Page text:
Shifting the industry’s collective focus from individual care to overall health is a pretty big movement, and it certainly won’t happen overnight. After all, the art of healing is a long-held tradition in health care, and people will always need access to quality care. But, what if providers could prevent individuals from ever needing to seek care in the first place? What if we could reduce the number of musculoskeletal diagnoses and start focusing on creating a healthier population? It’s a lofty goal, but it’s possible with a strong, grassroots effort and the right tools in hand.

  • The State of Rehab Therapy Image

    downloadJul 14, 2017

    The State of Rehab Therapy

    Health care is not a static industry. It’s always changing, evolving, and progressing. No healthcare provider is immune to the effects of that change, but some—including physical, occupational, and speech therapists—have felt a greater impact than others. In an effort to assess the scope of that impact—and thus, better anticipate the future needs of the rehab therapy community—WebPT conducted an industry survey of therapy professionals across a wide variety of settings, specialties, and geographic regions. Our goal: …

  • Common Questions from our State of Rehab Therapy Webinar Image

    articleJul 17, 2017 | 16 min. read

    Common Questions from our State of Rehab Therapy Webinar

    WebPT recently conducted an industry survey of thousands of rehab therapy professionals across a wide variety of settings, specialties, and geographic regions. Our goal: To capture an accurate snapshot of the demographics, trends, frustrations, and motivations that shape our businesses, our future outlook, and our potential for success in this environment of change. In last week’s webinar , WebPT President and Co-Founder Dr. Heidi Jannenga, PT, DPT, ATC/L, and WebPT CEO Nancy Ham shared the results of …

  • Bigger and Better: How to Improve Patient Experience in Your Large Therapy Practice Image

    articleSep 15, 2017 | 6 min. read

    Bigger and Better: How to Improve Patient Experience in Your Large Therapy Practice

    Think back to the scrappy, bootstrapped start-up era of your practice. If I had to guess, I’d bet those early days were infused with optimism, enthusiasm, and healthy dose of anxiety. But with a lot of hard work—and maybe a little luck—word spread about the quality of your patient care, and your budding clinic flourished into a strong, healthy business. Perhaps you even added another location or two—or more. And at that point, you probably realized that—as …

  • The State of Rehab Therapy in 2017 Image

    webinarJun 5, 2017

    The State of Rehab Therapy in 2017

    WebPT recently conducted an industry survey of thousands of rehab therapy professionals across a wide variety of settings, specialties, and geographic regions. Our goal: To capture an accurate snapshot of the demographics, trends, frustrations, and motivations that shape our businesses, our future outlook, and our potential for success in this environment of change. In our July webinar, WebPT president and co-founder Dr. Heidi Jannenga, PT, DPT, ATC/L, and WebPT CEO Nancy Ham will share and analyze the …

  • Common Questions from our Cloudy with a Chance of Reform Webinar Image

    articleFeb 13, 2017 | 13 min. read

    Common Questions from our Cloudy with a Chance of Reform Webinar

    In our first webinar of 2017 , WebPT’s co-founder and president, Heidi Jannenga, teamed up with CEO Nancy Ham to discuss the current and future healthcare trends that will impact PTs, OTs, and SLPs. (Missed it? No worries; you can view the complete recording here .) As always, we received quite a few questions during the presentation—way more than we could address live. So, we’ve put them all here, in one handy Q&A doc. Scroll through and …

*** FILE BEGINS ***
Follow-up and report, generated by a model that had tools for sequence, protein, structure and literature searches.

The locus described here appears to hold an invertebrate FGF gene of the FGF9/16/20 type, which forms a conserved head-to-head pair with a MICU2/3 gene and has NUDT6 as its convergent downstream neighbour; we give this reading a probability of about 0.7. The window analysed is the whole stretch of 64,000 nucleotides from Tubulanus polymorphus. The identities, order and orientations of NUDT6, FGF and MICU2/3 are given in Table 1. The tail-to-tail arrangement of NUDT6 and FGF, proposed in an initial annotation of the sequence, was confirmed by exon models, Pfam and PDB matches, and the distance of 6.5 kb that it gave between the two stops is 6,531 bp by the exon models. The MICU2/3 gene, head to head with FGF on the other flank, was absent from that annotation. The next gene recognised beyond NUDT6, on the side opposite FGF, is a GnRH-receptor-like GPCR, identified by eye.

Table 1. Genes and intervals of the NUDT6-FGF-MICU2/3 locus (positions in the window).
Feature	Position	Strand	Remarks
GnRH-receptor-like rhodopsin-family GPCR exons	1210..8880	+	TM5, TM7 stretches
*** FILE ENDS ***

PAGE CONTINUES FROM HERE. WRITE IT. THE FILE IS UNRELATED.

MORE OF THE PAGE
• The PT Patient's Guide to Understanding Insurance Image

    downloadApr 3, 2017

    The PT Patient's Guide to Understanding Insurance

    Patients are shouldering a greater portion of their healthcare costs than ever before. But when they don’t know the specifics of their coverage, they can end up with much bigger bills than they bargained for—and that often leads to unpaid balances and unfinished treatment plans. Bring them up to speed—and improve your practice’s collections and patient retention—with this guide. Patients will learn: What it means for a service to be “covered.” How to define common insurance terms. …

  • Therapy Practice Scheduling Hacks Image

    articleJun 26, 2017 | 6 min. read

    Therapy Practice Scheduling Hacks

    As the old saying goes, “Organization is a virtue.” Okay, maybe that’s not how it goes, but that doesn’t mean it’s not true. It’s impossible to overstate the value of being organized, especially if you’re a busy clinic owner or office manager. And you probably know that the ability to keep yourself—and your schedule—well-organized is crucial. But for some folks, the constant ebb and flow of cancellations, no-shows, last-minute appointments, and documentation demands is enough to make …

  • Death to Denials: 4 Strategies for First-Pass Claim Payment Image

    articleMay 1, 2017 | 4 min. read

    Death to Denials: 4 Strategies for First-Pass Claim Payment

    Claim denials are the worst. You provide your patients with exceptional therapeutic intervention—and bill their insurance companies to recoup payment for those services—only to find out that the payer has no intention of actually doing any paying. Womp, womp. While you could—and should—implement a process to correct and rebill denied claims, wouldn’t it be even better to stop them from happening in the first place? After all, it costs providers an average of $25 to rework a …

  • Think Big, Think Differently: 6 Bits of Inspiration from Ascend 2017 Image

    articleOct 5, 2017 | 11 min. read

    Think Big, Think Differently: 6 Bits of Inspiration from Ascend 2017

    The overarching theme of Ascend 2017 —the fourth-annual installment of rehab therapy’s premier business summit—was, quite simply, “Think big.” But, based on what we learned from our esteemed group of speakers over the course of two inspiration-filled days in Washington, DC, a more accurate tagline for this year’s conference might have been, “Think differently.” After all, in a field as complex as health care, grand aspirations are not enough. To solve the problems plaguing this industry, we …

Achieve greatness in practice with the ultimate EMR for PTs, OTs, and SLPs.